If you instead subtract walk rate from strikeout rate, you get something that more realistically aligns with what we know about pitchers dominating the strike zone. Fernandez is now #1, with a strikeout rate that is 28% higher than his walk rate. Masahiro Tanaka comes in second at 26%, with Price not far behind at 25%. The other leaders in K% minus BB%? Jon Lester, Max Scherzer, Zack Greinke, Yu Darvish, Stephen Strasburg, Johnny Cueto, and Michael Wacha. These are great pitchers, and they’re great pitchers because they dominate the strike zone. Subtracting walk rate instead of dividing by walk rate gives us a better list of who is actually owning the strike zone, rather than simply exalting those who avoid walks altogether.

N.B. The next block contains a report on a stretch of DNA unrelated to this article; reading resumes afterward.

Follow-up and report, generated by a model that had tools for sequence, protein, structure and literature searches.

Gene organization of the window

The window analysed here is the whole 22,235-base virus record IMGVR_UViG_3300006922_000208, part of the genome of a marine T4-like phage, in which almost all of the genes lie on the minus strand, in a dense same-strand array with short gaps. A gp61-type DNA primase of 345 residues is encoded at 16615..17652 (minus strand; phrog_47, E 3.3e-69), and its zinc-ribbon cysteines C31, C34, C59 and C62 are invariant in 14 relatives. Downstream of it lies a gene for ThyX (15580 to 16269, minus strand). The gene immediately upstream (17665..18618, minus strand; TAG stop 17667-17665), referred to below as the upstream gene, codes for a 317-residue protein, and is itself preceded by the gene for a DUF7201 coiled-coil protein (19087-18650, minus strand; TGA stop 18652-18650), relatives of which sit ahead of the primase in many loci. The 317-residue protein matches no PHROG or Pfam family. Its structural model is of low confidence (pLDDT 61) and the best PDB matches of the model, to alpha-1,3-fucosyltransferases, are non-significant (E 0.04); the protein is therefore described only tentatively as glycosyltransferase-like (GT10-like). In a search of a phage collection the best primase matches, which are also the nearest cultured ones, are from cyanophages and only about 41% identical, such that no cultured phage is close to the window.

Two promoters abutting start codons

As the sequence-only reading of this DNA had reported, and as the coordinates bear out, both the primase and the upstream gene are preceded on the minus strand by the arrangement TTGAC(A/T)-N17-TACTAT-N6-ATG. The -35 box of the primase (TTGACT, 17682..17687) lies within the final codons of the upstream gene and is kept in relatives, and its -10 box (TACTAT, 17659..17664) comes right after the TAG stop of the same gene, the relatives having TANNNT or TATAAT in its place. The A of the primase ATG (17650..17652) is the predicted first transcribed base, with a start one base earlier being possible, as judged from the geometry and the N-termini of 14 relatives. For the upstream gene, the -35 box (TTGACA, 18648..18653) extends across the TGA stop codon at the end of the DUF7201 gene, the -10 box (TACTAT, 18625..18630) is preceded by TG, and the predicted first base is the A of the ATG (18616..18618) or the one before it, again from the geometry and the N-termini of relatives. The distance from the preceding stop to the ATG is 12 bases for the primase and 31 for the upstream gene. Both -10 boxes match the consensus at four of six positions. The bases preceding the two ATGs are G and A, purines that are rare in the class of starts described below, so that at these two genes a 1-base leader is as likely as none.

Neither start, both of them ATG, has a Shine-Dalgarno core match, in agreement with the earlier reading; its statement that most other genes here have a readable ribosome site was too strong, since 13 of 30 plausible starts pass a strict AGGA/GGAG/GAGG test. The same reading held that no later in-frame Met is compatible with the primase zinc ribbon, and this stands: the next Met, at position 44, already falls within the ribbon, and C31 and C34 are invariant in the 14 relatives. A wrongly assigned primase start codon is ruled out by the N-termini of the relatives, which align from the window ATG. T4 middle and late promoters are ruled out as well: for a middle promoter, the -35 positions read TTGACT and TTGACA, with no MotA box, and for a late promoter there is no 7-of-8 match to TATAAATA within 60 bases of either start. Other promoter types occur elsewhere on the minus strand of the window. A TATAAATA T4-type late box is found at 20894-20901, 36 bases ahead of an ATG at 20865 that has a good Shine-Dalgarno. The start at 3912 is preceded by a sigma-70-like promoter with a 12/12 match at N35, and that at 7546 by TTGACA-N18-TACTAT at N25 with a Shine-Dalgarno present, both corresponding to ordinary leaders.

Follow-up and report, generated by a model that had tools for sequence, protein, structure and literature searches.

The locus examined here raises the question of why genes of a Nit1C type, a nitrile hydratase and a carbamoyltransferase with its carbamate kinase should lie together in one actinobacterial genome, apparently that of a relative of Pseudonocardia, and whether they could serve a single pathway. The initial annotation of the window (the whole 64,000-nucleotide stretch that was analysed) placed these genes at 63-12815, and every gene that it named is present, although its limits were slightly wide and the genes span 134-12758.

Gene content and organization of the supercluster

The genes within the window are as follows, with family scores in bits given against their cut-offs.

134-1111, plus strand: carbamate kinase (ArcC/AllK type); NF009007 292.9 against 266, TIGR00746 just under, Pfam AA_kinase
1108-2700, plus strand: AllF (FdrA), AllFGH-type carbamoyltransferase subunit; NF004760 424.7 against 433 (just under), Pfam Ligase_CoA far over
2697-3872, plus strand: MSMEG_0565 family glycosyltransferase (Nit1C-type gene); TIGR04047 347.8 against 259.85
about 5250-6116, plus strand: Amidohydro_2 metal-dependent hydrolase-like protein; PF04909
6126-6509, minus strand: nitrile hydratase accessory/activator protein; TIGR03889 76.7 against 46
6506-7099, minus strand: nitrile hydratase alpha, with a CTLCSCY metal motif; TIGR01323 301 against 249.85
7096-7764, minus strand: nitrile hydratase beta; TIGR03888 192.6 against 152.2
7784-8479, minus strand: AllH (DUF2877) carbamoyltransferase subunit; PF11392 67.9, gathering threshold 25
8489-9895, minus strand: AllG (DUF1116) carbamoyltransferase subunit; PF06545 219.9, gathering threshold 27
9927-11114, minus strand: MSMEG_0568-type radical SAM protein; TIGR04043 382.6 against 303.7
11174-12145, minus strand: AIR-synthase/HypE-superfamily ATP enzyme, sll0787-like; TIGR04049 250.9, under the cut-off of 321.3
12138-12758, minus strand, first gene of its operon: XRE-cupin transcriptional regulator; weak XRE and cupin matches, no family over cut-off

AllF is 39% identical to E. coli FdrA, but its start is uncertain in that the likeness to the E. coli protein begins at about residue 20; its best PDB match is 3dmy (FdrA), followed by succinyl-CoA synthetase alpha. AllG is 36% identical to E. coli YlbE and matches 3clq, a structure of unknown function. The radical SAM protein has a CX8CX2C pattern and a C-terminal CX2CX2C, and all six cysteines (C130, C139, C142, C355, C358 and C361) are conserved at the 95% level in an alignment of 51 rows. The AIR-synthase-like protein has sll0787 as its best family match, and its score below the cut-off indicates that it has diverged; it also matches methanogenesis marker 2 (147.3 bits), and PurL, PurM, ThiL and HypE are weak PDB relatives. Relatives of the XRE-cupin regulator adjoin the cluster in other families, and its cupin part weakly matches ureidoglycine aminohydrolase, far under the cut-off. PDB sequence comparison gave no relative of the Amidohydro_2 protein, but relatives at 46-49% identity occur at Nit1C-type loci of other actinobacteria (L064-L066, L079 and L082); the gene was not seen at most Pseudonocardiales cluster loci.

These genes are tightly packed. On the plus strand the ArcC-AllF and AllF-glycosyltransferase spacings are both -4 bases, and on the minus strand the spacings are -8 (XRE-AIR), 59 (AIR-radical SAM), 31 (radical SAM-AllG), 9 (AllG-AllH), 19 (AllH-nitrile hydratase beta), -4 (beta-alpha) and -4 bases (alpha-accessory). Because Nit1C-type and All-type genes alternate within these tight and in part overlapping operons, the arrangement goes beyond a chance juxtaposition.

While K% minus BB% isn’t going to be as immediately familiar as K/BB ratio, it’s pretty easy to adjust to the scale. Because league average K% is 20.4% and average BB% is 8.2%, the league average K%-BB% is 12.2% so far this year. Anything over a 15% difference is pretty good, and getting over 20% is reaching ace-type levels.
But dominating the strike zone isn’t the only way to succeed, and a pitcher who avoids walks and gets a ton of strikeouts is probably making a trade-off of allowing more fly balls, because in-zone contact rates are lowest on pitches at the top of the strike zone. So that’s where GB% on the horizontal axis comes in, and why we’re plotting the metrics that make up xFIP on a graph. By putting the strike-zone dominance on one axis and groundball rate on the other, we can see not just a pitcher’s overall result, but how they are getting those results.
So, here’s that same graph from Mike’s piece, only with the gridlines adjusted so that you can see the four quadrants.